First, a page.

A League of Their Own is similar to the 1992 film of the same name. It is a dramedy series following the beginning of women’s professional baseball during WWII. I was a big fan of the film; Geena Davis is stunning! There was a scene where a ball lands by a Black woman, and Dottie Hinson (Geena Davis) motions for her to throw the ball. The Black woman chucks the ball past Dottie to a shocked, soon-to-be sore hand, Ellen Sue. As I got older, I thought, “this is a story we need to hear.”

Now, with the A League of Their Own series, we get more than just the white women who first played baseball. The series does a great job moving between the white cast without skimping on Max Chapman’s (Chanté Adams) story as she struggles to find a place for herself as a Black woman baseball player. 

Abbi Jacobson and Will Graham are the creators of the series. The focal point of the white women ballplayers is Rockford Peach member Carson Shaw (Abbi Jacobson), but plenty of others receive attention. There’s Greta (Darcy Carden), Shaw’s friend and love interest, Lupe (Roberta Colindrez), the standoffish pitcher that has a hard time showing affection, and Esti (Priscilla Delgado), who tries to befriend Lupe since they both speak Spanish and plenty more.

The series does more than the film. A League of Their Own explores issues outside of gender and war, delving into sexual preferences and identity in a captivating way. As challenging as it is to exist as nonbinary or trans now, back then, it was even worse, which is saying something.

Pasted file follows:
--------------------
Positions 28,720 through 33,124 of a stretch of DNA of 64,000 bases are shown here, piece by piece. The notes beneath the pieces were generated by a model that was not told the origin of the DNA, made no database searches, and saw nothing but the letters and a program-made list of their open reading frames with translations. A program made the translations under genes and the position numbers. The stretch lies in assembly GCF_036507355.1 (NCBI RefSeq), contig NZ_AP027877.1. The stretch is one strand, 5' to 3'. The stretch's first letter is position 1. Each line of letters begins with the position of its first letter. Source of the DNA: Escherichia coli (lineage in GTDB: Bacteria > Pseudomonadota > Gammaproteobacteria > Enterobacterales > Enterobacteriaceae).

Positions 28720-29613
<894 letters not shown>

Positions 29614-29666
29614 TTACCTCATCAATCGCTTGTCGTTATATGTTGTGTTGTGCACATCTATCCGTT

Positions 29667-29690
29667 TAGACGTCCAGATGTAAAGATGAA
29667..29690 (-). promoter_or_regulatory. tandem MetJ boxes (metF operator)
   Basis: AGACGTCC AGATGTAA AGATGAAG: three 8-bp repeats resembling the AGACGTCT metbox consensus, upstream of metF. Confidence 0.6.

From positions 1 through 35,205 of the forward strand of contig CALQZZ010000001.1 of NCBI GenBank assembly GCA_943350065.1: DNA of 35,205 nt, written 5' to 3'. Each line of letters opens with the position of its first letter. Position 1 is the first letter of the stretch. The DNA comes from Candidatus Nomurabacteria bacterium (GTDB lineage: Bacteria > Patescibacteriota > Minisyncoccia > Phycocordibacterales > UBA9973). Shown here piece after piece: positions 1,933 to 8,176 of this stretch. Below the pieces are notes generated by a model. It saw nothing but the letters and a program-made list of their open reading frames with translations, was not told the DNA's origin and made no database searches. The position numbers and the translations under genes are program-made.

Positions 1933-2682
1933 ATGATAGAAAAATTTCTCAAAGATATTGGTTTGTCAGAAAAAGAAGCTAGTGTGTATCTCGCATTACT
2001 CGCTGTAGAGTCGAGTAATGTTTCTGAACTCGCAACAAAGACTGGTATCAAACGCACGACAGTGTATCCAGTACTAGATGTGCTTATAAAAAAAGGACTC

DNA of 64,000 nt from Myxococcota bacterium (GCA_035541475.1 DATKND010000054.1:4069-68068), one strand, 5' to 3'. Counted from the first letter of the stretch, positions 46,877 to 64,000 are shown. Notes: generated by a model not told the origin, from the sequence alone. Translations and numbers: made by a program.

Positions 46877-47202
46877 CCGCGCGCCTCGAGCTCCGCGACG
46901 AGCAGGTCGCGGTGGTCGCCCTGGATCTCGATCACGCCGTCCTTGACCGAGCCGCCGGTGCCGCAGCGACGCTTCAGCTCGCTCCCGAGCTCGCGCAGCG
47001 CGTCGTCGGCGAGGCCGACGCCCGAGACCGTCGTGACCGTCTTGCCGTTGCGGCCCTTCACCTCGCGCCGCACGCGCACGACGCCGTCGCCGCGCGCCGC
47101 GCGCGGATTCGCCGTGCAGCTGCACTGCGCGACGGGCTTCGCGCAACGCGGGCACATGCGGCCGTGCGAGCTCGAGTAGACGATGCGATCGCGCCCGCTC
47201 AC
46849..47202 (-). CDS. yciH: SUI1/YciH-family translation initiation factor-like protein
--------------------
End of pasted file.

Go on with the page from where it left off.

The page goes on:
Accepting One’s Self

A League of Their Own still Chanté Adams (Max) in baseball outfit, Gbemisola Ikumelo (Clance)
A League of Their Own still Chanté Adams (Max), Gbemisola Ikumelo (Clance). Credit: Nicola Goode/Prime Video

Most A League of Their Own’s first season is about finding oneself. Through action, words, and companionship, characters face that mirror head-on. The girls all arrive at tryouts, and audiences see Max for the first time with her best friend and artist, the gorgeous Clance (Gbemisola Ikumelo, a staff writer on the series). Of course, they do not give Max a chance to try out, but through the rest of the series, Max tries to juggle her identity and dream with what her mother, Toni (Saidah Arrika Ekulona), expects. 

Similar to shows and films like Lovecraft Country and The Great Gatsby, the music A League of Their Own includes is not solely from the 1940s when the story takes place. There are various sounds, yet the way they incorporate tracks does not feel jarring. More often than not, it feels natural to the scene, which was a relief because I abhor misplaced music that detracts rather than enhances a moment. But in A League of Their Own, music like “You Drive Me Wild” by the Runaways “Real Wild Child” by Joan Jett & the Blackhearts evoke smiles, laughter, and angst. 

A League of Their Own Cheers for LGBTQIA+

A League of Their Own still of Kelly McCormack (Jess), Roberta Colindrez (Lupe)
A League of Their Own still of Kelly McCormack (Jess), Roberta Colindrez (Lupe). Credit: Nicola Goode/Prime Video